ByJancy Richardson, writer at
To avoid fainting, keep repeating 'It's only a movie...It's only a movie...'
Jancy Richardson

Horror fans may have seen Oren Peli's The Chernobyl Diaries - a kind of radioactive Wrong Turn with a bunch of youths stranded in the radiation zone of Pripyat, Ukraine as night draws in...

However, due to the fact that The Chernobyl Diaries was set at the site of the worst radioactivity disaster in history, Peli had to shoot his movie in a deserted aircraft base in Belgrade, Serbia instead.

Filmmaker Danny Cooke managed to get footage from the place Oren Peli dared not send his crew to. Cooke was shooting a piece about the 1986 Chernobyl disaster for CBS News, and he sent a camera drone over Pripyat, gaining incredible footage of the dangerously radioactive nuclear fallout zone.

The Pripyat Fairground is a striking feature

Bumper cars, whirligigs and even a ferris wheel stand unused. You may see a few people in the video - some areas of Pripyat are safe to enter, but only for a very short amount of time.


Abandoned buildings are shrouded in greenery

Cooke comments, 'There was something serene, yet highly disturbing about this place. Time has stood still and there are memories of past happenings floating around us.'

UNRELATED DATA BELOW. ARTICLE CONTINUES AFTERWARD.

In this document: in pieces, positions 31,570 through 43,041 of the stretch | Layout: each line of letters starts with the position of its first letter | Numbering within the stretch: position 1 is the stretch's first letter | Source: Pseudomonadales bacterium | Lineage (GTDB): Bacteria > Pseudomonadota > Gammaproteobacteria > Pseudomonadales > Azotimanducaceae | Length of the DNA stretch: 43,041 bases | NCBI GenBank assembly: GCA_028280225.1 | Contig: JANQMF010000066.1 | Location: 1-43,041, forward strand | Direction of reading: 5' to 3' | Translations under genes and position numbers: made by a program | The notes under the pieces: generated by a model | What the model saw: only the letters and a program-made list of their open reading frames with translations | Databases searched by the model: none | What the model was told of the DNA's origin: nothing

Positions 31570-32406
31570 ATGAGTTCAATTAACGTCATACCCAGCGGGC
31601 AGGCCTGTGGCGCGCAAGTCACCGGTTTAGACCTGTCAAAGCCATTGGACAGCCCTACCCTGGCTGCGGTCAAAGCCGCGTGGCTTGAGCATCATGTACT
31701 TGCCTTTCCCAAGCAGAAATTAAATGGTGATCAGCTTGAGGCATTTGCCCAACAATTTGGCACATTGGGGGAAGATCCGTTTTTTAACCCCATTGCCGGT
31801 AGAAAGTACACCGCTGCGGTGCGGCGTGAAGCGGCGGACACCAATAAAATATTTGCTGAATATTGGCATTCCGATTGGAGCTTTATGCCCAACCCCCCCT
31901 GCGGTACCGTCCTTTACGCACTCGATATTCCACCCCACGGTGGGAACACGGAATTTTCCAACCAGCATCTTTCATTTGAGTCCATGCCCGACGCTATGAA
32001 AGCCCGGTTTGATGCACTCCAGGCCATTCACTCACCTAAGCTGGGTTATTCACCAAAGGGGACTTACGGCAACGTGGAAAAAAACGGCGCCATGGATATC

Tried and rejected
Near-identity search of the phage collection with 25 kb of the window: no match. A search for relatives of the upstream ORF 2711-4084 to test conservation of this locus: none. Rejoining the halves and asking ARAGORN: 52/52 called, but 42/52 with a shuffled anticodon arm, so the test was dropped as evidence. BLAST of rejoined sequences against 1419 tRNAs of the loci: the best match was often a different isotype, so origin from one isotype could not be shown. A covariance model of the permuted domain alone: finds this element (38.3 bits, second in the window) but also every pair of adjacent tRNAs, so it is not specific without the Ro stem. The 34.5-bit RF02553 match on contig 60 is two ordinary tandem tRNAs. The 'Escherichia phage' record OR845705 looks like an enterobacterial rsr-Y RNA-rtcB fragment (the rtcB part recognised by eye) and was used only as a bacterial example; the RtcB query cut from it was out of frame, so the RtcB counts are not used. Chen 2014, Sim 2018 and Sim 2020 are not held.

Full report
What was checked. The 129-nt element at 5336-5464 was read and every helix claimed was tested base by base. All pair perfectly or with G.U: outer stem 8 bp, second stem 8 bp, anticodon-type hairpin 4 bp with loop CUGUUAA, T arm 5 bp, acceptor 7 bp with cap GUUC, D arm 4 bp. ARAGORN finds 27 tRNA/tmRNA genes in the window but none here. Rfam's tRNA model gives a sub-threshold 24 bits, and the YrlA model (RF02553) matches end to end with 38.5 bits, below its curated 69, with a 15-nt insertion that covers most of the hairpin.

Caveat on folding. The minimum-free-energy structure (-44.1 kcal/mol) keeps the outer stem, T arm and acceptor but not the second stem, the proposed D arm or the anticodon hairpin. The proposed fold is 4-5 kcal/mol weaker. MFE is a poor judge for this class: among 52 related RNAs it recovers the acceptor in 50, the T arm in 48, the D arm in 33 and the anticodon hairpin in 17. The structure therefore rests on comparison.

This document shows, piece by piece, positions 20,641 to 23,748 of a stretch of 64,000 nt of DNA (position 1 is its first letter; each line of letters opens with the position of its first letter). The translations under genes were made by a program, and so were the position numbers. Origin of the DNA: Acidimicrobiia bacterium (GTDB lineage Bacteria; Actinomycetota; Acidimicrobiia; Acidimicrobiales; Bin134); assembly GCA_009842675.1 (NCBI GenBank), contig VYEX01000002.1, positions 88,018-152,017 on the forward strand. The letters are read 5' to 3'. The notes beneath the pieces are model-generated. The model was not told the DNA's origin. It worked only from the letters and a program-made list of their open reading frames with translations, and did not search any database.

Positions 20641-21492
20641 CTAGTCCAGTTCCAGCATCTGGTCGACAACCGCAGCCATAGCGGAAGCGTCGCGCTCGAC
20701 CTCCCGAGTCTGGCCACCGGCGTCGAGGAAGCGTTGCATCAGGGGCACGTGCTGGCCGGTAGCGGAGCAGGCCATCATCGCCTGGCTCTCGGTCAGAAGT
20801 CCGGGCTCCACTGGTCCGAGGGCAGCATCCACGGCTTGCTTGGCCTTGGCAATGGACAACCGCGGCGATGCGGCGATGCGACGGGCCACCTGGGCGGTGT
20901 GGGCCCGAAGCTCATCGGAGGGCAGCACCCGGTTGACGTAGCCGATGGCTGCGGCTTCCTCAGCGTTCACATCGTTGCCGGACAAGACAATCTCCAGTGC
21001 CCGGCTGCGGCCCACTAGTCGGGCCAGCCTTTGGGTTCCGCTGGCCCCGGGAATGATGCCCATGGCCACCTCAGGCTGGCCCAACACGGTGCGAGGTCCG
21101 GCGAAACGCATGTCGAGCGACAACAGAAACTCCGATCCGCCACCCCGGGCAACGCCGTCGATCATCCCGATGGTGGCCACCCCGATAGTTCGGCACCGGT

50,000 people lived in Pripyat before the disaster

The town was built to house workers for the newly built Chernobyl nuclear power plant, offering 10 gyms, 4 factories and 27 cafes for the vibrant working population.


The drone lingers on a decaying swimming pool

Pripyat had 3 indoor swimming pools before it was deserted. There's something very eerie about seeing a place empty that we commonly associate with noise, activity and children.


Pripyat housed around 5,000 children in 1985

15 elementary schools were evacuated after the Chernobyl disaster. Many of the children's books, drawings and possessions were left behind.


Many scenes in Pripyat are hauntingly beautiful

Nobody expected that this vibrant little town would be so lethally disrupted, moving thousands of people from their homes.


Other imagery is dark and disturbing

Hundreds of gas masks lie uselessly on the ground.


Check out the full 3-minute video for yourself.

In case you're wondering, that lovely song is Hannah Miller's 'Promised Land,' available here.


Would you like to tour Pripyat if you found a safe way to do so?

Source: Danny Cooke, Vimeo, CBS


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